How Us and UK Auditing Practices Became Muddled to Muddle Corporate Governance Principles

20 Pages Posted: 8 Nov 2004

See all articles by Shann Turnbull

Shann Turnbull

International Institute for Self-Governance; Sustainable Money Working Group; New Garden City Alliance

Multiple version iconThere are 2 versions of this paper

Date Written: November 4, 2004, Revised May 12, 2005

Abstract

This paper considers how auditing practices became muddled in the US and the UK to create muddled corporate governance principles. The US 1933 law that required corporations to appoint an auditor was based on the prospectus provisions in the UK 1929 Companies Act to protect investors from fraud. However, this is not the purpose of UK statutory audits whose legal role is to protect the company and provide shareholders with intelligence for voting on the election and remuneration of directors whether or not the company issues shares or whether it has shares publicly traded. The UK statutory auditor only reports to the shareholders who approve his appointment and remuneration. The US auditor is appointed by the directors and reports to both directors and shareholders to subrogate the reason for having an auditor to identify conflicts between them.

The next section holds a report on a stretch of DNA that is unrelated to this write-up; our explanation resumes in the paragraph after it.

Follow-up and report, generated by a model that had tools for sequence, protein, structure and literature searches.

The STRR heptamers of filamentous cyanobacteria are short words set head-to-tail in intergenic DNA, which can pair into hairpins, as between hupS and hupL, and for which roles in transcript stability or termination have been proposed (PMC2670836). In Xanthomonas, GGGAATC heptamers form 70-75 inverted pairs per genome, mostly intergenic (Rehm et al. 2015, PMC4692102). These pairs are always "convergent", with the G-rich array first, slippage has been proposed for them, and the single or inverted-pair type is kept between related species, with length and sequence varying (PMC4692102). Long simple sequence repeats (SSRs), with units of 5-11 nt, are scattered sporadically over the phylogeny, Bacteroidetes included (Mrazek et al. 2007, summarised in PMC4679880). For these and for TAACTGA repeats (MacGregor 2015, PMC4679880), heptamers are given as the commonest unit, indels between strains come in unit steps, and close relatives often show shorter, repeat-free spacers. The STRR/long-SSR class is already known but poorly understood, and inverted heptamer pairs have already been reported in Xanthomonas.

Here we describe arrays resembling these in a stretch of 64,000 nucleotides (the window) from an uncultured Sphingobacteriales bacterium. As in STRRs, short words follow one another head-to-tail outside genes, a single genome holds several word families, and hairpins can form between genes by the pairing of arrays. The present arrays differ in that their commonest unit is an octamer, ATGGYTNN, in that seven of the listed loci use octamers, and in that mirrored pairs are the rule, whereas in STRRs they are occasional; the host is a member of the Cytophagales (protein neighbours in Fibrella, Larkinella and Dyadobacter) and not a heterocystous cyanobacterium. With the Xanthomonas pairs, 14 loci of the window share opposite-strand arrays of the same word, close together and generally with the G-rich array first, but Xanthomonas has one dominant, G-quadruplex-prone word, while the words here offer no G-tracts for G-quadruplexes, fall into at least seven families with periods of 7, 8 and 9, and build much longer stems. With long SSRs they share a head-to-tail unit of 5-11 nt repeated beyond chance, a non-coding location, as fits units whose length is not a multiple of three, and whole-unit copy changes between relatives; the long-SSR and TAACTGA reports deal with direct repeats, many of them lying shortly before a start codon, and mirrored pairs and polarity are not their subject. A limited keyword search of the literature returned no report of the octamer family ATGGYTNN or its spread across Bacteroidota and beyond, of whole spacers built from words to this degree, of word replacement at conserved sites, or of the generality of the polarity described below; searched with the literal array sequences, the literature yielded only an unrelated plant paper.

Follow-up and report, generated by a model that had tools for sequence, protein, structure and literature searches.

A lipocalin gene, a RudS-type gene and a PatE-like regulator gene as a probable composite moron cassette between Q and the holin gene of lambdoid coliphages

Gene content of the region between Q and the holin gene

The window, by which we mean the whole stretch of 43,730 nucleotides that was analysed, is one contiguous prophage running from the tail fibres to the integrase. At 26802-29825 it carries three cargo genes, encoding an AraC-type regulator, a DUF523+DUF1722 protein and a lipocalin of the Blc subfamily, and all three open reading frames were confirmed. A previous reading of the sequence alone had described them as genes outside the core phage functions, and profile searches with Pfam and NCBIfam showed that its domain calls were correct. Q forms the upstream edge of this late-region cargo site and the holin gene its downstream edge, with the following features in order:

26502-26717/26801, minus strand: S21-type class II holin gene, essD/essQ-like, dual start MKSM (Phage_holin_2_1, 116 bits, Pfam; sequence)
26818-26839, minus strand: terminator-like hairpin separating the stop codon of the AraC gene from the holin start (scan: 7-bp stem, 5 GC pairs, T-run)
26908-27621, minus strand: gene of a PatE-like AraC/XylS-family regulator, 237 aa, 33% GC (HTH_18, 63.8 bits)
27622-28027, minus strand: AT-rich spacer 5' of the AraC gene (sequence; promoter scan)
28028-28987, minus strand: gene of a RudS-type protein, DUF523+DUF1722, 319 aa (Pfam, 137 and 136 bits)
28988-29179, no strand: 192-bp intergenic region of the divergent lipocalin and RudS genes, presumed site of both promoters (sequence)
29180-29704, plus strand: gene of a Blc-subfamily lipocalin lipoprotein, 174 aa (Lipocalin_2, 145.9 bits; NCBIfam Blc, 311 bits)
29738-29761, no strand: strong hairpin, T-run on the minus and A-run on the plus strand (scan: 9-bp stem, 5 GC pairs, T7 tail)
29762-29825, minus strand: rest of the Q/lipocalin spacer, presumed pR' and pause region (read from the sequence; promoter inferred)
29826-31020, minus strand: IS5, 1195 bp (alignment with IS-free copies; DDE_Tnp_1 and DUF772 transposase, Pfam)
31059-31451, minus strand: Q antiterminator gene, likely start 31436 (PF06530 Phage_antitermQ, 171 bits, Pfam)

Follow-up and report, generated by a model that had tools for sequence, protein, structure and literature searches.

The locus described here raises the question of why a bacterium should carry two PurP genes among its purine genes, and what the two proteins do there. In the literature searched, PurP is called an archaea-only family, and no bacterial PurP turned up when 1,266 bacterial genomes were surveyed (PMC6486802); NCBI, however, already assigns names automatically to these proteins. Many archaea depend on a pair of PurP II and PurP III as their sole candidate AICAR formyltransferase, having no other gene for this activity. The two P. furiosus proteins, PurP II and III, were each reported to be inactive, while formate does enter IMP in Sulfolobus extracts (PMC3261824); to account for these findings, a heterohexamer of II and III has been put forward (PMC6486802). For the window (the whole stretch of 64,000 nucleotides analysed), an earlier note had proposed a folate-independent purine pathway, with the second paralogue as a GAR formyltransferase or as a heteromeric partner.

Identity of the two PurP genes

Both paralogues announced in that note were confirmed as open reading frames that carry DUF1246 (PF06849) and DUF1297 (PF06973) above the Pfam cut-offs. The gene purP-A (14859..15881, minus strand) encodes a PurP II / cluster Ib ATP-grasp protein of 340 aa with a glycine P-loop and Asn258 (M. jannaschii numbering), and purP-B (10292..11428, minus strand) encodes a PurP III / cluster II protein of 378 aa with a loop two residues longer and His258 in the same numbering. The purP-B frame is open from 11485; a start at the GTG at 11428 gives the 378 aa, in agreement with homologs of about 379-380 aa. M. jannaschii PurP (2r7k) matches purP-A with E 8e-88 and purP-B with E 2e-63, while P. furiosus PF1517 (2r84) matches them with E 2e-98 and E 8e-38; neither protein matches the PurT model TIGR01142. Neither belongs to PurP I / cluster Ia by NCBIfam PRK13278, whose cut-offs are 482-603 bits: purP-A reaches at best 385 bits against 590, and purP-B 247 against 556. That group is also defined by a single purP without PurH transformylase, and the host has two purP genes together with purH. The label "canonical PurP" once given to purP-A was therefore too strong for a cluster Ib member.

The establishment of an audit committee with independent directors cannot remove the conflicts. These are exacerbated by the Sarbanes-Oxley Act and the UK Combined Code that require audit committees to provide oversight of the auditor. Some European countries avoid these conflicts by having the auditor controlled by a shareholder committee or "watchdog board". Audit practices were muddled by corporations not establishing a shareholder audit committee as provided in the model constitution attached to the UK 1862 Companies Act. There are compelling arguments to conclude that convergence of audit practices on those found currently in the US or UK are not in the best interest of directors or auditors in reducing their conflicts or safeguarding investors, the proprietary rights of shareholders or self-governance.

Keywords: Audit Committees, Auditing, Audit Standards, Corporate Governance, Conflicts, Cross border, Shareholder panel, Watchdog boards

JEL Classification: G38, K22, K23, L22, M42

Suggested Citation

Turnbull, Shann, How Us and UK Auditing Practices Became Muddled to Muddle Corporate Governance Principles (November 4, 2004, Revised May 12, 2005). Available at SSRN: https://ssrn.com/abstract=608241 or http://dx.doi.org/10.2139/ssrn.608241

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